Classic Blues by Peter Kramar (badbasilisk) is a really unexpected design, turning the Smurfs into a hip music group. I like the way this new vocation makes sense of their weird outfits- they’re matching to be a cohesive band, and the silly hats don’t look quite as strange here when they’re part of a stage costume. Even Papa Smurf, with his red clothes and thick beard, feels quite believable as the elder statesman of the group, and you can picture him regaling his younger band mates with tales of the good ol’ days. In the cartoon, Smurfette seemed very out of place as the group’s sole woman. But in a band context, it’s not an unusual configuration for a female singer to be backed by an all-male band. Dare I say that this shirt feels more logical than the actual cartoon? And the artwork is well-done, with just enough detail to make the concept come to life.

Void of All Feelings by John Tibbott (quick-brown-fox) feels iconic. It keeps things simple, but every choice is impactful. The basic human figure is made to feel liquid, without substance. Drips at the end of each limb might resemble fingers and toes, but they also feel like a creature fading into the nothingness of the background. Even his shoulders are barely suggested, just a wide pour of white ink streaming from head to arms with no interruption. Two dots indicate eyes, but the figure’s main feature is a black heart, a shape punched through the body and showing a speckling of stars from that sparse celestial background. Memorable, interesting stuff.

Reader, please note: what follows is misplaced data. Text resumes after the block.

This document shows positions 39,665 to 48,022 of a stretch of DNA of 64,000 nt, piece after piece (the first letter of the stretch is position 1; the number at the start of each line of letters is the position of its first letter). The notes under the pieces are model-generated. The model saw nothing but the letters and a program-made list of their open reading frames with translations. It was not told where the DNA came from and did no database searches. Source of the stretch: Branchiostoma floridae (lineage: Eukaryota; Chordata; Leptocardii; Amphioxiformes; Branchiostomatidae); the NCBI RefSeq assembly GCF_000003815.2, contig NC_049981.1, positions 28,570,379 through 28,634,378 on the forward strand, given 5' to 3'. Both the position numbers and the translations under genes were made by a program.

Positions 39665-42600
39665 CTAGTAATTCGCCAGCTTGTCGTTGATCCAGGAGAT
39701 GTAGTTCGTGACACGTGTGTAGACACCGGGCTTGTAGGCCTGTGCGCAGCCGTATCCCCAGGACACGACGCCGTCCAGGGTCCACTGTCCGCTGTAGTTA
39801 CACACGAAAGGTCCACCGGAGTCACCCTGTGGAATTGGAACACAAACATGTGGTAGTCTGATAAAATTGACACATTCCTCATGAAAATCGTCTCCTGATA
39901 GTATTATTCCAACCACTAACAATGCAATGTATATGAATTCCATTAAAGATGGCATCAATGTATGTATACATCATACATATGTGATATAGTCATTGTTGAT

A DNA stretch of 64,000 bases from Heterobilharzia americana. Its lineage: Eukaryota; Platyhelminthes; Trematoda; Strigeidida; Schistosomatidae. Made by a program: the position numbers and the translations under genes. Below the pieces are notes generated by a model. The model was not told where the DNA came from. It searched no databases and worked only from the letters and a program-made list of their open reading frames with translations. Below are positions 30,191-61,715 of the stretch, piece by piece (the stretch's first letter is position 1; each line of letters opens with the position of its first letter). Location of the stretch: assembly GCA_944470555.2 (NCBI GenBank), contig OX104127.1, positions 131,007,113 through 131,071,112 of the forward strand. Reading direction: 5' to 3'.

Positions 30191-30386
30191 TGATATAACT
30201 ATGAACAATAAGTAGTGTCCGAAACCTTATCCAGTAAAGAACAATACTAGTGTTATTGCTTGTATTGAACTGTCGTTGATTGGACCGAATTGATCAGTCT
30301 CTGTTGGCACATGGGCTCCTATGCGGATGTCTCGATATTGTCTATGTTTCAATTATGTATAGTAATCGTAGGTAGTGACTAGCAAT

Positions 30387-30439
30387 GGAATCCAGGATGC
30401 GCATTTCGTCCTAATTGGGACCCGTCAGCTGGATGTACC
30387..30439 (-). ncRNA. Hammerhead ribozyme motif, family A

Threadless prints new shirts every week, chosen from the designs submitted by and voted on by site members. Most winners earn $1 to $7 per item sold.

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18 May 2020 ~ 0 Comments

Threadless’s Endless Summer design contest

Threadless dreams of beaches and warm, sunny days with their new Endless Summer design competition. Here’s what they’re looking for…

As we understand this new normal, we also look to warmer temps, cool dips, and those endless summer nights. However we’ll celebrate it, let’s draw inspiration from our memories or maybe even future hot takes on the season of the sun. The heat, the cooler full of drinks, the road trips, the pool hangs – even if that pool is small and plastic in your own backyard. Is it a celestial celebration? Or is it a dark, hot summer night in the woods with absolutely no sights or sounds, save the moon hanging high in the sky and crickets chirping nearby? Think about summer, and how we hope it never ends, and submit your Endless Summer designs.

This contest opens to entries on May 22nd, 2020 and ends on June 5th. One winner will earn a $500 Threadless gift code. All designers printed will earn up to $7 per item sold (learn more about Threadless artist payments).

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13 May 2020 ~ 0 Comments

Threadless: Coaching and more new this week